Tree planting / regeneration is therefore generally not recommended on earthwork or cropmark sites. New woodland areas could damage or obscure historically significant or rare field patterns (such as Medieval Strip Field Systems) and their ancient Devon hedgebank boundaries that contribute to the unique historic character and special qualities of a place. Ancient and intact field patterns occurring in National Parks and Areas of Outstanding Natural Beauty can be particularly sensitive to changes in land cover.

Instead of creating new woodland in these sensitive historic landscapes, consider other ways to increase tree cover that meets your objectives, for example, by changing hedge management regimes or species compositions to enhance biodiversity and increase carbon storage. See Devon Hedge Group guidance. Seek specialist advice if unsure.

Contact DCC Historic Environment Service
Orchards Traditional orchards were once widespread in Devon.  Protect and restore surviving orchards or consider restoring lost orchards rather than changing these sites to other types of woodland.  More information on identifying historic orchard sites and other lost woodland cover is provided in Step 5. Seek specialist advice from Orchards Live, Orchard Link, or other local groups dedicated to orchard conservation and restoration.
Environmental data highlighted on the DCC environment viewer Further information What to do
Areas of Outstanding National Beauty (AONBs) and National Parks AONBs and National Parks are the highest level of landscape designation in England and Wales. They share a common purpose- to conserve and enhance natural beauty. Due to their high sensitivity to landscape change, tree planting schemes above 2ha will require screening for Environmental Impact Assessment by the Forestry Commission. See Step 1: Identify your objectives.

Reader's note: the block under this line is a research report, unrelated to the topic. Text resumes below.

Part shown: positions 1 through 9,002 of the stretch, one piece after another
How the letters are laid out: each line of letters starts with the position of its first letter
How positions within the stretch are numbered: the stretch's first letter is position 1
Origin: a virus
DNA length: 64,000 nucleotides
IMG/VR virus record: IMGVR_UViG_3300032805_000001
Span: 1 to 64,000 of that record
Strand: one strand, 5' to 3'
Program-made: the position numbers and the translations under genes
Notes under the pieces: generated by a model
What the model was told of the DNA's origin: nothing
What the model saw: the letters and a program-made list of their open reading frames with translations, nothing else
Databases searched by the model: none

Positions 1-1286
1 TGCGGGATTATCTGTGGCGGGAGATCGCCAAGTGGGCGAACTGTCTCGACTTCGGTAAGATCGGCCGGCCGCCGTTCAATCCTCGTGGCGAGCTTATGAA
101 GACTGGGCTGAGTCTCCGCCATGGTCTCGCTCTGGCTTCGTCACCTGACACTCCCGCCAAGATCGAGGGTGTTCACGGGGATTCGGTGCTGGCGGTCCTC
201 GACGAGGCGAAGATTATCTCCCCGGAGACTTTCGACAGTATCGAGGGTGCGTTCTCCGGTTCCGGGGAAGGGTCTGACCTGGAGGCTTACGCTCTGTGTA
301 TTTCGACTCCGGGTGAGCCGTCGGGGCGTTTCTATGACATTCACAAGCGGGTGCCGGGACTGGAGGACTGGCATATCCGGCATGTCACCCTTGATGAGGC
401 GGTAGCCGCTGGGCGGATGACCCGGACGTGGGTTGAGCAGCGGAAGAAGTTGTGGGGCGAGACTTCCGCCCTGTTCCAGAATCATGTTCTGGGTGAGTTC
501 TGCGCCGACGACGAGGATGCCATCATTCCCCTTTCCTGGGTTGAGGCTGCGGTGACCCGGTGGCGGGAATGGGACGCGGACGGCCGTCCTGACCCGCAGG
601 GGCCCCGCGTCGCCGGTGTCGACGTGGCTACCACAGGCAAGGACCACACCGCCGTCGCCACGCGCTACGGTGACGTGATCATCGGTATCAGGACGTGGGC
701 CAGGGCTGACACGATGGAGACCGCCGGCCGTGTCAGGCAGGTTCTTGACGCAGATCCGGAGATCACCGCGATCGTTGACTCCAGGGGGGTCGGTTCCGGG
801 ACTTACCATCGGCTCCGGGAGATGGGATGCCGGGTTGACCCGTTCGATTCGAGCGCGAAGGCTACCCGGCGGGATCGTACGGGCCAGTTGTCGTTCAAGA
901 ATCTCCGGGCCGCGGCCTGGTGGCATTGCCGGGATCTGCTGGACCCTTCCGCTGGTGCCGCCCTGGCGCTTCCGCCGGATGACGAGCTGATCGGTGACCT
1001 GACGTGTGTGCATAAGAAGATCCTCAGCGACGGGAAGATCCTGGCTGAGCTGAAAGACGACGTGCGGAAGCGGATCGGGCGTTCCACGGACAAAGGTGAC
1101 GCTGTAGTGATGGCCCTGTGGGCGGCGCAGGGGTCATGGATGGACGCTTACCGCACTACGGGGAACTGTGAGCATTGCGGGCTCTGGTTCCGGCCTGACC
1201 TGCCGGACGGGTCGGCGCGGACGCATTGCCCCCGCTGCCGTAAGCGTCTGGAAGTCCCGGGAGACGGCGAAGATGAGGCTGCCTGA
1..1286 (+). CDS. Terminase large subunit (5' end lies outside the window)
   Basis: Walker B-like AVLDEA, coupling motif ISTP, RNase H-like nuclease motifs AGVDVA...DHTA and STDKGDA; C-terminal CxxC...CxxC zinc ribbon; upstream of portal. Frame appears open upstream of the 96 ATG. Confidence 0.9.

Further details on the special qualities and distinctive character of the AONBs and National Parks can be found in their respective Management Plans. Find out more, including links to websites of all Devon’s protected landscapes here: National and UNESCO designations – Environment (devon.gov.uk)


Selected Landscape Character Types:

  • LCT 1K Unsettled High Upland Moorland
  • LCT 4A Estuaries
  • LCT 4F Dunes
  • LCT 4H Cliffs

Landscape Character Types are generic landscapes that share similar characteristics. They form part of Devon’s landscape character assessments which help to convey how Devon’s landscape varies in character across the county.

Find out more about Devon’s landscape character assessments.

The landscape character types highlighted here have not previously been enclosed into fields.  They are of exceptional sensitivity to new tree planting because of their combination of open character, panoramic views, exposed feel, ecology, and heritage value. There may be limited opportunities for natural regeneration in selected locations within these LCTs, such as on moorland valley sides. In general these landscapes are considered unsuitable for tree planting or have very limited opportunities.

Contact your local council’s Landscape Officer for further information.

Back to Step 3